- Flickr, bnilsen
The Bill & Melinda Gates Foundation thinks safe sex isn’t as much fun as it should be.
At least, that seems to be the gist of one request for a grant application from the world’s largest philanthropy as part of its Grand Challenges Explorations program. One of the goals for this round is to develop a better condom – and by better they basically mean a condom that doesn’t suck.
“It is a bit unusual,” said Stephen Ward, the program officer with the Gates Foundation administering the project.
In its request for proposals, the foundation opens with a detailed description of the global production of condoms (15 billion units per year), usage (750 million) and a ‘steadily growing market.’ When used properly, the Gates Foundation notes, condoms can protect females from pregnancy and both partners from sexually transmitted infections like HIV. They are cheap, ubiquitous and a great example of a ‘multi-purpose prevention technology.’
“The one major drawback to more universal use of male condoms is the lack of perceived incentive for consistent use.”
Yeah, they suck. They’re no fun. Continue reading
Chris Kleponis, AFP/Getty Images
Today, in London, Melinda Gates and a few big guns in the British government did a much-needed and celebrated thing — getting billions of dollars from the international community to fund family planning services for some 120 million women and girls.
The Guardian Rich countries pledge $2.6 billion for family planning in global south
TIME Melinda Gates Launches Global Crusade for Contraception
Yes, this is another one of those promises of foreign aid that rich countries seem to make all the time and then break later when you’re not paying attention. But it’s important to recognize they do keep some of these promises (see funding for AIDS, malaria and child vaccines over the past 10 years) and this one does appear to have momentum.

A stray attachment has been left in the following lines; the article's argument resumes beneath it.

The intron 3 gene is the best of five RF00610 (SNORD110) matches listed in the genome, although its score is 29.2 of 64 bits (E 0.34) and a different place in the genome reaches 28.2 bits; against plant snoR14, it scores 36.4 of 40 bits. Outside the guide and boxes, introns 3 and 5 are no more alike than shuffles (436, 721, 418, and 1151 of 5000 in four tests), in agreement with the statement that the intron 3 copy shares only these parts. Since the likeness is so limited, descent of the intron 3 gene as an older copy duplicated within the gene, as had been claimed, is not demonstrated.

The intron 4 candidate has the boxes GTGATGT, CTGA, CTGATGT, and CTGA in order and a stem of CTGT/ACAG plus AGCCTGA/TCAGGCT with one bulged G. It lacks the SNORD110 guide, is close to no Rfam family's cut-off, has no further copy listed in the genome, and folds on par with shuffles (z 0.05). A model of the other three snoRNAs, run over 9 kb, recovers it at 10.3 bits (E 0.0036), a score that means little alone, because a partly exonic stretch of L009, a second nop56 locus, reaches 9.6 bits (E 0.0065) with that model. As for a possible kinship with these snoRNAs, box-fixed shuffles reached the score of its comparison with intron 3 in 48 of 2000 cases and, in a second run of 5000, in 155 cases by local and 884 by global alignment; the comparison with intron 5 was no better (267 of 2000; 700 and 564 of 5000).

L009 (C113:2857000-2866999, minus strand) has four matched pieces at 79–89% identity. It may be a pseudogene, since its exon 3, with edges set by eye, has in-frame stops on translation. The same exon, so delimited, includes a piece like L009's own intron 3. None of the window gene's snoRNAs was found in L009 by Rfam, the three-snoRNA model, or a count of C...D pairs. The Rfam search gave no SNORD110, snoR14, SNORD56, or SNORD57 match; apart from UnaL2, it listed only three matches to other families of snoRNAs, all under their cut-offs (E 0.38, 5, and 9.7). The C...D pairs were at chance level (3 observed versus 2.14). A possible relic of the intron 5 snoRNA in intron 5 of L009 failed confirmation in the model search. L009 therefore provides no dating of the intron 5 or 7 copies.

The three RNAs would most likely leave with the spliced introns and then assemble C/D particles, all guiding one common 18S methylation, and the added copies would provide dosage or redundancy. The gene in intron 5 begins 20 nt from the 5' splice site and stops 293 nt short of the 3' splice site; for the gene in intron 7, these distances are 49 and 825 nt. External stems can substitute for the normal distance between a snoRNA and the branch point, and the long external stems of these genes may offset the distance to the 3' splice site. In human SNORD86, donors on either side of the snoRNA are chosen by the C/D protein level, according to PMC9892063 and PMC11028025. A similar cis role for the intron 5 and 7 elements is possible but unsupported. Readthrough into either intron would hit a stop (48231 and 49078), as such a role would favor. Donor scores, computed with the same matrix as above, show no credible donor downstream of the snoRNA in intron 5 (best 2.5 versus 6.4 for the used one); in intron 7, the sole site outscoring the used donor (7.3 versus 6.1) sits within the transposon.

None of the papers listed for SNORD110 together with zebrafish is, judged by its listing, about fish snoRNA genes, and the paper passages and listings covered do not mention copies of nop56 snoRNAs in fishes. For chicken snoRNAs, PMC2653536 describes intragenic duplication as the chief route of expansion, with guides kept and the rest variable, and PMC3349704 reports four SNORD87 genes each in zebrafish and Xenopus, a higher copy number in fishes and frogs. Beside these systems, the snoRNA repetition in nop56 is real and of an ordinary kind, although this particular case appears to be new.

Improved access to contraception has been estimated to reduce maternal mortality by a third. Providing women with greater control over reproduction is widely regarded as fundamental to empowering women, and as a basic human rights issue. Finally, the public does seem a bit more worried about global population growth these days.
So this campaign — largely led by Melinda Gates, against her church — may indeed represent a significant turning point for family planning and for maternal health worldwide.
But the question some raise, usually those way in the back of the room without access to the microphone or TV cameras, is if this is actually good for women’s health overall. Continue reading
By Keith Seinfeld, KPLU
Chris Kleponis, AFP/Getty Images
Melinda Gates is promoting access to contraceptives around the world, and urging everyone to believe it’s not a controversial step.
She’s co-hosting a global summit on Wednesday in London, along with the British government.
The Bill & Melinda Gates Foundation hopes to overcome religious and cultural resistance by saying birth control is simply one option that women want.
The foundation says simply: “There is no controversy.” And, it has created a website called No-Controversy.com, where women can share stories of how birth control changed their lives.
Enter the Catholic Church
However, when the Catholic Church and some Muslim groups are actively campaigning against it, and when some U.S. states are blocking all funding for Planned Parenthood, saying birth control is not controversial might seem implausible.
Here’s how Melinda Gates explained her position, as a Catholic, on CNN last week:
“To me the contraceptive piece is not controversial. My roots, part of why I do what I do in the foundation, comes from that incredible social justice upbringing I had, this belief that all lives, all lives have equal value.”
Gates made a similar point on the Colbert Report, telling Stephen Colbert, “We’ve made it controversial in the United States, and it doesn’t need to be. In fact 90 percent of Americans say they find contraceptives morally acceptable. But, because we’ve made it controversial, it’s come off the global health agenda.” Continue reading
The New York Times reports: